"By the grace of God, I am what I am."

10. Proverbs 31:26

"When she speaks, her words are wise, and she gives instructions with kindness."

11. Psalm 139:14

"I praise you because I am fearfully and wonderfully made."

12. 1 Peter 3:3-4

"Don't be concerned about the outward beauty of fancy hairstyles, expensive jewelry, or beautiful clothes. You should clothe yourselves instead with the beauty that comes from within, the unfading beauty of a gentle and quiet spirit, which is so precious to God."

13. Colossians 2:10

"And in Christ you have been brought to fullness."

14. 2 Timothy 1:7

"For God has not given us a spirit of fear and timidity, but of power, love, and self-discipline."

15. Jeremiah 29:11

"'For I know the plans I have for you,' says the Lord. 'They are plans for good and not for disaster, to give you a future and a hope.'"

16. Exodus 14:14

"The Lord himself will fight for you. Just stay calm."

17. Song of Songs 4:7

"You are altogether beautiful, my darling, beautiful in every way."

Next time you're feeling discouraged or weak, come back to these verses and use them to give you the strength and power that you need to conquer your battles.

Cover Image Credit: Julia Waterbury

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There Is No 'Right Way' To React To A Shooting

Everyone is different.


After the shootings this year in New Zealand, Brazil, and close to home for some of us Aurora, people have been reacting in different ways. With some offering their thoughts and prayers, donating money to help pay for the funerals of the victims, fighting for action in regards to ending gun violence, candlelight vigils basically anything that can help them in this time of grief.

There is no right or wrong way to react to a shooting — everyone grieves in their own ways. We should not judge one another for how we grieve in a tragedy.

People have been saying that thoughts and prayers won't do anything. However, maybe it can be a comfort to some people—a way to let people know that they are thinking of them and that they care.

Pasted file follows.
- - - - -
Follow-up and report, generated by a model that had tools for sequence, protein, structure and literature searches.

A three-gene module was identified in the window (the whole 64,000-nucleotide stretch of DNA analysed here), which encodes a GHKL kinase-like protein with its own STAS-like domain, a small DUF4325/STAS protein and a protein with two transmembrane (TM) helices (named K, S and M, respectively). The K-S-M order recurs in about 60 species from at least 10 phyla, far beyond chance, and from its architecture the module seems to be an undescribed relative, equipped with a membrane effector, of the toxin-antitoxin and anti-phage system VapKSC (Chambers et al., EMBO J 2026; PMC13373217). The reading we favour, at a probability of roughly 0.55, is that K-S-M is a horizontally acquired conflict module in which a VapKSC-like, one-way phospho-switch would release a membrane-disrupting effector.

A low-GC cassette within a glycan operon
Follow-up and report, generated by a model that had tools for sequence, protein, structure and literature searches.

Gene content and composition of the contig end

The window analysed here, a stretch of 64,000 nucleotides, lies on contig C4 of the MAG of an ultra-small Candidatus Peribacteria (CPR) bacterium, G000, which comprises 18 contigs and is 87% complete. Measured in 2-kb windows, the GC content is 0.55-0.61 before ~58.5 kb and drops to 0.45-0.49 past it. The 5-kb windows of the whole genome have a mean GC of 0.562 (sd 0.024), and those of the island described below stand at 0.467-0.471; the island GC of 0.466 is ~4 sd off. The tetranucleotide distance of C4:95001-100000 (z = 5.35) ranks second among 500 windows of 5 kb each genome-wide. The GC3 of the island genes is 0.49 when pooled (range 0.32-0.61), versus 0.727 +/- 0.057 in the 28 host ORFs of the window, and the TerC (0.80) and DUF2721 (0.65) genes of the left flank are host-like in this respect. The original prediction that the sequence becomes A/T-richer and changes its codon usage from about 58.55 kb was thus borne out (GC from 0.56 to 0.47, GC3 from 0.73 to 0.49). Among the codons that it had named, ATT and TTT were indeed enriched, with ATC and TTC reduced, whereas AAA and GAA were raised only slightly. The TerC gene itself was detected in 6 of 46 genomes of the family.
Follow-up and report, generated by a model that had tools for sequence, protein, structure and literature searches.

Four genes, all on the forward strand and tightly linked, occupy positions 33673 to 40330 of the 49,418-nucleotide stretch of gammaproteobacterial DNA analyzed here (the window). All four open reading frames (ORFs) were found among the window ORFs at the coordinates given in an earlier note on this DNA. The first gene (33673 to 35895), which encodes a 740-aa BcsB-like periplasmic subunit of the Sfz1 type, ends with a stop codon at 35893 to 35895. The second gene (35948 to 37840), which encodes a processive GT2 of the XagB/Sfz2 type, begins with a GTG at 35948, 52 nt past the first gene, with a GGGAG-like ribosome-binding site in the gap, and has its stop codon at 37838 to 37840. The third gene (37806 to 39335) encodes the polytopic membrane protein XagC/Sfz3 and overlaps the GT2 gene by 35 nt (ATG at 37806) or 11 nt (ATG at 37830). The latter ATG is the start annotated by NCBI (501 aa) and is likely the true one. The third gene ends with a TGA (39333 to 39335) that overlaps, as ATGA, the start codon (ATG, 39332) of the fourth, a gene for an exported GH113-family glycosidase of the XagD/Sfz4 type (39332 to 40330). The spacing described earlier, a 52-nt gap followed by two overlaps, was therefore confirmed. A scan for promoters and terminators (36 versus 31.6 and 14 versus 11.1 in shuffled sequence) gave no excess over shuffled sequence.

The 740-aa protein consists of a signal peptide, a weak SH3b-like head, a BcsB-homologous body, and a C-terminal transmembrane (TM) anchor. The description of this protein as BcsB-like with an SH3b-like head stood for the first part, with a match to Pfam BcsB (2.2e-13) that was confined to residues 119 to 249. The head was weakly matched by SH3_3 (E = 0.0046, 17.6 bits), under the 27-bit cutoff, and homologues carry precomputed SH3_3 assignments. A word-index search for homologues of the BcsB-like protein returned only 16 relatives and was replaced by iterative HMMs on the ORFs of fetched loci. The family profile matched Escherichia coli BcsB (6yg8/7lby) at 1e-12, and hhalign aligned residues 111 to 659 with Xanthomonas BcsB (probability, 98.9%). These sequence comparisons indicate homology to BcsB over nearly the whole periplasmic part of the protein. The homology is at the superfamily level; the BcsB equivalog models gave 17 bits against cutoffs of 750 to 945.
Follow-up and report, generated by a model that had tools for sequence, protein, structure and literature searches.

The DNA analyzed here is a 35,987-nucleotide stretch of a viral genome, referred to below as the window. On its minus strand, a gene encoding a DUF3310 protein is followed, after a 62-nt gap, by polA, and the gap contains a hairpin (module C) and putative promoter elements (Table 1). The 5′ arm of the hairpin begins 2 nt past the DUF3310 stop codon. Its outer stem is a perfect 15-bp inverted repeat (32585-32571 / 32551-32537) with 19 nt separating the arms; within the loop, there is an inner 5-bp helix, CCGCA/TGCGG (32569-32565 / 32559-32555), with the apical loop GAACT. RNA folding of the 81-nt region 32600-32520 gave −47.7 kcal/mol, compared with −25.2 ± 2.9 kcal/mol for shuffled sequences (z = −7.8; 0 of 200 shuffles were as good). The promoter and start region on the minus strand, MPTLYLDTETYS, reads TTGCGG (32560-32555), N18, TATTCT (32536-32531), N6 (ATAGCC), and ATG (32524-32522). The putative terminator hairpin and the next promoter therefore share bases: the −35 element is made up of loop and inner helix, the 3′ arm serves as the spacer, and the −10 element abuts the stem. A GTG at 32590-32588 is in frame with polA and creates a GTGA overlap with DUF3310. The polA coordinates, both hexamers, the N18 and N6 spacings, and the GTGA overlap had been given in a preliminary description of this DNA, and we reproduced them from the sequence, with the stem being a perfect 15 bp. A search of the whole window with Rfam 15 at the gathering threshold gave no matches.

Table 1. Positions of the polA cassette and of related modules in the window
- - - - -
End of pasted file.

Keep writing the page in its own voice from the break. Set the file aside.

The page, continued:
Sometimes people may want to donate money or blood to help out any survivors who may have suffered from blood loss or create GoFundMe accounts to either help out with medical expenses or to pay for the funerals of the victims or even start charities like Islamic Relief USA. Donating your time and money is a good way to help out because you are making a difference that is a form of action you are taking.

There is also grieving in the form of vigils. One example of a vigil is this guy who makes crosses every time there is some kind of tragedy. Vigils are often a good way to remember the victims, to pray for the healing of the survivors, to talk about what they were like as people.

Some people even want to take action by demanding that the laws change a good example of this would be March for Our Lives, which happened after the Parkland shooting last year. This march was fighting for gun control or should I say changes in the gun laws America currently has.

Some people also do acts of solidarity, for example, wearing a hijab like the prime minister of New Zealand did when she went to go visit the Christchurch shooting survivors. My community college had something a couple of years ago called Hijab Day to help show solidarity with our friends. I participated, and it was quite an experience—no one should ever be afraid to be who they are.

There is never a right or wrong way to react, and no one should ever criticize one another for how they react. It's not a test where there is a right or wrong answer—everyone is different and that is okay.

No one should ever have to be afraid to go to school, go to work, or go to their place of worship or wherever they decide to go. Whatever we decide to do to make a change, as long as we are taking some kind of action, is good enough for me.

Nothing ever gets done by sitting around and doing nothing, so whatever it is you do, get out there and do it. As long as you are showing support it doesn't matter how you show it.